Return to normalcy? Vandalizing protesters target Portland courthouse days after its protective fence was removed (VIDEOS)

Violent clashes were once again witnessed overnight in central Portland, where a federal courthouse – the focal point of last year’s months-long violent protests – was stripped of its surrounding fence earlier this week.

Local media reported that around 50 to 60 black-clad demonstrators clashed with federal agents on Thursday night, breaking windows and setting on fire a section of plywood barring entry to parts of the Mark Hatfield Federal Courthouse in central Portland, Oregon.

Defenders of the building from the Federal Protective Service (FPS) responded with tear gas and impact munition shots, ultimately pushing the crowd away. At one point a US flag was burned by the demonstrators, footage from the scene showed.

The street skirmishes, which lasted for several hours, were reminiscent of the scenes that took place during a period of nightly protests in Portland that started last May after the death of George Floyd in Minneapolis.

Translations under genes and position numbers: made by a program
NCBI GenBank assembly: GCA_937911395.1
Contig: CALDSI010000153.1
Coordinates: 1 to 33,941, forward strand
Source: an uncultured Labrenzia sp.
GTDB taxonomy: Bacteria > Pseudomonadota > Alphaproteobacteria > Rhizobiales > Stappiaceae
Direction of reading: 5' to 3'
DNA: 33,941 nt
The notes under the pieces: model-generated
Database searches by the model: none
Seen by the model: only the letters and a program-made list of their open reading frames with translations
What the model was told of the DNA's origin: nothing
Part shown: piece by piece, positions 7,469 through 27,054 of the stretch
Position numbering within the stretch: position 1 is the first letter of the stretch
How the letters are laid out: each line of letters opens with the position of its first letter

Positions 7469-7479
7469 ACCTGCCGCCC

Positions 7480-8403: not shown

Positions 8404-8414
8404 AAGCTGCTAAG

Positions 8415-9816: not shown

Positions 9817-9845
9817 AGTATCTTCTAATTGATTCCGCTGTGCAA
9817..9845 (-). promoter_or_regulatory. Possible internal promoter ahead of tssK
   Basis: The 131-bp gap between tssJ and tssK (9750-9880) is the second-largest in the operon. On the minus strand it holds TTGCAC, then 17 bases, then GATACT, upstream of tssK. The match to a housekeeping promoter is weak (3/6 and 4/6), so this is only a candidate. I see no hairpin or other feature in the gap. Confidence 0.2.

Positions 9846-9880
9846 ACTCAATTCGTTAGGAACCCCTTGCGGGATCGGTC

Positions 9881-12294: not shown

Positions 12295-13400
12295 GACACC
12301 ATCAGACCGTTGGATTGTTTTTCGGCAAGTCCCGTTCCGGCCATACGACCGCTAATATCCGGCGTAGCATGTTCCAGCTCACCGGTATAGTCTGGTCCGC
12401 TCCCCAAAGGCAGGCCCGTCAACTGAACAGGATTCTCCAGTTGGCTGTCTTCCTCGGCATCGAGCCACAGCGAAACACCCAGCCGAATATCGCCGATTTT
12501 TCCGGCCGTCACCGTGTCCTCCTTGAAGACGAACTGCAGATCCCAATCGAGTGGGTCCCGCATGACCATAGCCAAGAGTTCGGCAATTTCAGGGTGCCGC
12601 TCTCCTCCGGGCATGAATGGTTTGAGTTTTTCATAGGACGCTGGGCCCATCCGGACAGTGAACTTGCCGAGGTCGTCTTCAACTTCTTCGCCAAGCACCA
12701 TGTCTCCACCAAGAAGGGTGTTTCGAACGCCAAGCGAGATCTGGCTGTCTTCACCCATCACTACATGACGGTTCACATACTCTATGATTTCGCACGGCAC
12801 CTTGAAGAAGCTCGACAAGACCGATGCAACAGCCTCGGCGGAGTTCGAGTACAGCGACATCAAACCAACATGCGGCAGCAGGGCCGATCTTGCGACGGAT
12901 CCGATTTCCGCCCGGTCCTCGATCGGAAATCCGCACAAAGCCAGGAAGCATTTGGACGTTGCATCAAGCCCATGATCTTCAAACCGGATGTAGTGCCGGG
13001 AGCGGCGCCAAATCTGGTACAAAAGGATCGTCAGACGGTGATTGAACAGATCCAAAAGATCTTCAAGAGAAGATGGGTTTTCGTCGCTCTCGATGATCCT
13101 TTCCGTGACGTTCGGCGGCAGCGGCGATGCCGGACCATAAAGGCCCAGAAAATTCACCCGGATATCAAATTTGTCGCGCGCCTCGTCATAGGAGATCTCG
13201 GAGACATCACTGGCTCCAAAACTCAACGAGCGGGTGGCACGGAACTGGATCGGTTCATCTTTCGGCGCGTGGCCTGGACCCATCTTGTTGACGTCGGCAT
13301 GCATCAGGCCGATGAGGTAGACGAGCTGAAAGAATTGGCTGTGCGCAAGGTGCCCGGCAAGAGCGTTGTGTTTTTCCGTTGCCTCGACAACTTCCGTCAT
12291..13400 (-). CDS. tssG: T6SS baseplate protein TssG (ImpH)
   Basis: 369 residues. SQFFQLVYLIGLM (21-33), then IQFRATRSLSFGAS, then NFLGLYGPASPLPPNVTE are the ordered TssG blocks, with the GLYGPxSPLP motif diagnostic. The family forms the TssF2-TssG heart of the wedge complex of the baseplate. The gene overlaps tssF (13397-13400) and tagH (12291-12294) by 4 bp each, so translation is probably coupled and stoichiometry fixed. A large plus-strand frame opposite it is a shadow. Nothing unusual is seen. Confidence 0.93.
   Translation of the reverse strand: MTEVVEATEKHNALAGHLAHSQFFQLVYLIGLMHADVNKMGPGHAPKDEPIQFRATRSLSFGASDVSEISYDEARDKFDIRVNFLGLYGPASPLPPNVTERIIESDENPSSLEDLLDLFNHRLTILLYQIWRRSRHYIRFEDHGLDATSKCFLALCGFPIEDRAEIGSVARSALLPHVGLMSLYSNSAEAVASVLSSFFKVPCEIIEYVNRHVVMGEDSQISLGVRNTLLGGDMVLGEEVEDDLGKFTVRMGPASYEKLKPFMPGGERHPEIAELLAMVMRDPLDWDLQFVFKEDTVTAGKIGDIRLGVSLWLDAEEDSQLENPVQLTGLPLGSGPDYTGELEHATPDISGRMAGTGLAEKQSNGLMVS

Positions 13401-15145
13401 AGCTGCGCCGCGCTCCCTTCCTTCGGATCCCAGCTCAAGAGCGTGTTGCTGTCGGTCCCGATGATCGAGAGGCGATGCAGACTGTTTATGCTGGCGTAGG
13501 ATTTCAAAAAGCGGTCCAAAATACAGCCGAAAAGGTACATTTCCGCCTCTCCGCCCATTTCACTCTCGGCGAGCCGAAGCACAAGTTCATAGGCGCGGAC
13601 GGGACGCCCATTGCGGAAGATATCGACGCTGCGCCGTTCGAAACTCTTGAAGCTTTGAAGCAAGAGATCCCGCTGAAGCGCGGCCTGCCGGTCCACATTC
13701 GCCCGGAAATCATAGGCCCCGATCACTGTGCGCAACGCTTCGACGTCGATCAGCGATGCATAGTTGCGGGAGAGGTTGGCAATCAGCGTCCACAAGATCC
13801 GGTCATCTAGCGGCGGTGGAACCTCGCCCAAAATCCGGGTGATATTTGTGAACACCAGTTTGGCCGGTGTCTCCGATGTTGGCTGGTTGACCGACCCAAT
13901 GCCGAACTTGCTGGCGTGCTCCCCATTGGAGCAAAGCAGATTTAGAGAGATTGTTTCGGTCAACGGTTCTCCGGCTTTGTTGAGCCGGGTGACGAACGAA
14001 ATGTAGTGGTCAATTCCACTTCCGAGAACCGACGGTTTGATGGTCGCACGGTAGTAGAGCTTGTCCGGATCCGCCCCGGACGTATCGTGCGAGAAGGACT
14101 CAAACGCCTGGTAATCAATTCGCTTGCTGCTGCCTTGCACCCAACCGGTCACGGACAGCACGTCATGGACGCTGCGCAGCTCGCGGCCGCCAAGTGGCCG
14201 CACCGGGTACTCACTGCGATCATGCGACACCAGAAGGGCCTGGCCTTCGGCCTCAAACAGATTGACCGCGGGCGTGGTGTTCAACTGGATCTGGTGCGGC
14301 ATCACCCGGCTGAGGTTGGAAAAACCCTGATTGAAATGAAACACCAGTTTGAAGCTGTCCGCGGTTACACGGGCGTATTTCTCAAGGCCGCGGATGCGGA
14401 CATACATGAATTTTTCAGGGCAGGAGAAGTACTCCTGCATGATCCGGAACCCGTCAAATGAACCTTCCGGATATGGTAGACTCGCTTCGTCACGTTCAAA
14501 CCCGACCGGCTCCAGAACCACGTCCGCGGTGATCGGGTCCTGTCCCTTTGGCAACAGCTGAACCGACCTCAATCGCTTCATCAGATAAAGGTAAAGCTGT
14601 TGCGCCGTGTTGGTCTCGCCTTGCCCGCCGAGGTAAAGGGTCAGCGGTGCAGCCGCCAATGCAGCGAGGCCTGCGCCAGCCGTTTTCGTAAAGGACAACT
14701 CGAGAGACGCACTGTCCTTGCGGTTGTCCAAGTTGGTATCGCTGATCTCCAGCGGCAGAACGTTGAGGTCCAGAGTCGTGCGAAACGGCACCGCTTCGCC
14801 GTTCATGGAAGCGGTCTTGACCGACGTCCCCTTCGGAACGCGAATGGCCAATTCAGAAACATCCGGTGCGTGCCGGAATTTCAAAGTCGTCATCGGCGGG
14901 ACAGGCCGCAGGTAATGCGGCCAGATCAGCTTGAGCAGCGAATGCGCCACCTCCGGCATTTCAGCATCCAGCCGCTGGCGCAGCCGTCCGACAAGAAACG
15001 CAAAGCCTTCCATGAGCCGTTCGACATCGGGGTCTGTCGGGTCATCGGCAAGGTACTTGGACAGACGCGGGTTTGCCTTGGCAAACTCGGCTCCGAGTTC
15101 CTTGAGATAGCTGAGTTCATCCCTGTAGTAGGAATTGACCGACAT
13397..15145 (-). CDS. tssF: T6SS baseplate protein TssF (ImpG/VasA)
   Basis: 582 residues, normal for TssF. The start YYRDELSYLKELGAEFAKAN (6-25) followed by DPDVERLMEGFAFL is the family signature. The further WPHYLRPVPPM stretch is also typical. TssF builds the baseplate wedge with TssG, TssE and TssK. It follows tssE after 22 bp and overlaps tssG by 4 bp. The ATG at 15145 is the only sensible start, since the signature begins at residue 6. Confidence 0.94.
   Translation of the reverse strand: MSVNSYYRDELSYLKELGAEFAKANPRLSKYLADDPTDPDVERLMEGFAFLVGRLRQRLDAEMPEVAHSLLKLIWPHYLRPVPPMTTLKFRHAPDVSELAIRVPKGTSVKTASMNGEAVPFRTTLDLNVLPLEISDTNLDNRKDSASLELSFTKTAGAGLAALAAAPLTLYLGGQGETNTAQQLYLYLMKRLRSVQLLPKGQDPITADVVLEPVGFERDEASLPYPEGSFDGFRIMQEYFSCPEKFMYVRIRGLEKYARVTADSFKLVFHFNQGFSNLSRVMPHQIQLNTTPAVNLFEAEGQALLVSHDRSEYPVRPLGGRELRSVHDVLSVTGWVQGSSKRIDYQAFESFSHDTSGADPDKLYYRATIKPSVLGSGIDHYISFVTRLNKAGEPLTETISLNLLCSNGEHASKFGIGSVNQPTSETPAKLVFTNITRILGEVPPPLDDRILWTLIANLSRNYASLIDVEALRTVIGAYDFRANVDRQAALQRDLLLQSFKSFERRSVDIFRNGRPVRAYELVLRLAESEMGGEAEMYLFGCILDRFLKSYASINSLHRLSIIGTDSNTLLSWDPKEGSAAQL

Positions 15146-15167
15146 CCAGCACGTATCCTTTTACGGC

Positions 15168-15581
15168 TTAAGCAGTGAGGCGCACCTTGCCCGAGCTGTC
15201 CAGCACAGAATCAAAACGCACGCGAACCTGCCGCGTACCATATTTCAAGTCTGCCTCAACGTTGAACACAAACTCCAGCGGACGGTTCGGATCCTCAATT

The reignition of violence came just days after a fence, which was erected around the courthouse to ward off vandals, was demolished on Monday. The FPS touted the development as a “return to normalcy.”

The apparent trigger for the rioting was the proposed Line 3 oil pipeline project, which would run through the lands of the Anishinaabe indigenous group in parts of the US and Canada. Demonstrators also cited a number of other causes for their destructive direct action.

Earlier in the day, a group of around 30 anti-pipeline protesters broke into the courthouse and caused property damage, Portland police reported. They refused to leave when ordered, with one of the demonstrators – identified as 22-year-old Darby Howard – arrested for resisting.

Last year's spree of protests resulted in an estimated $2.3 million in damage to federal buildings in Oregon, including $1.6 million in damage to the courthouse in Portland.

City authorities have warned that more confrontations may happen in the city, as multiple protest events are scheduled to take place over the weekend.

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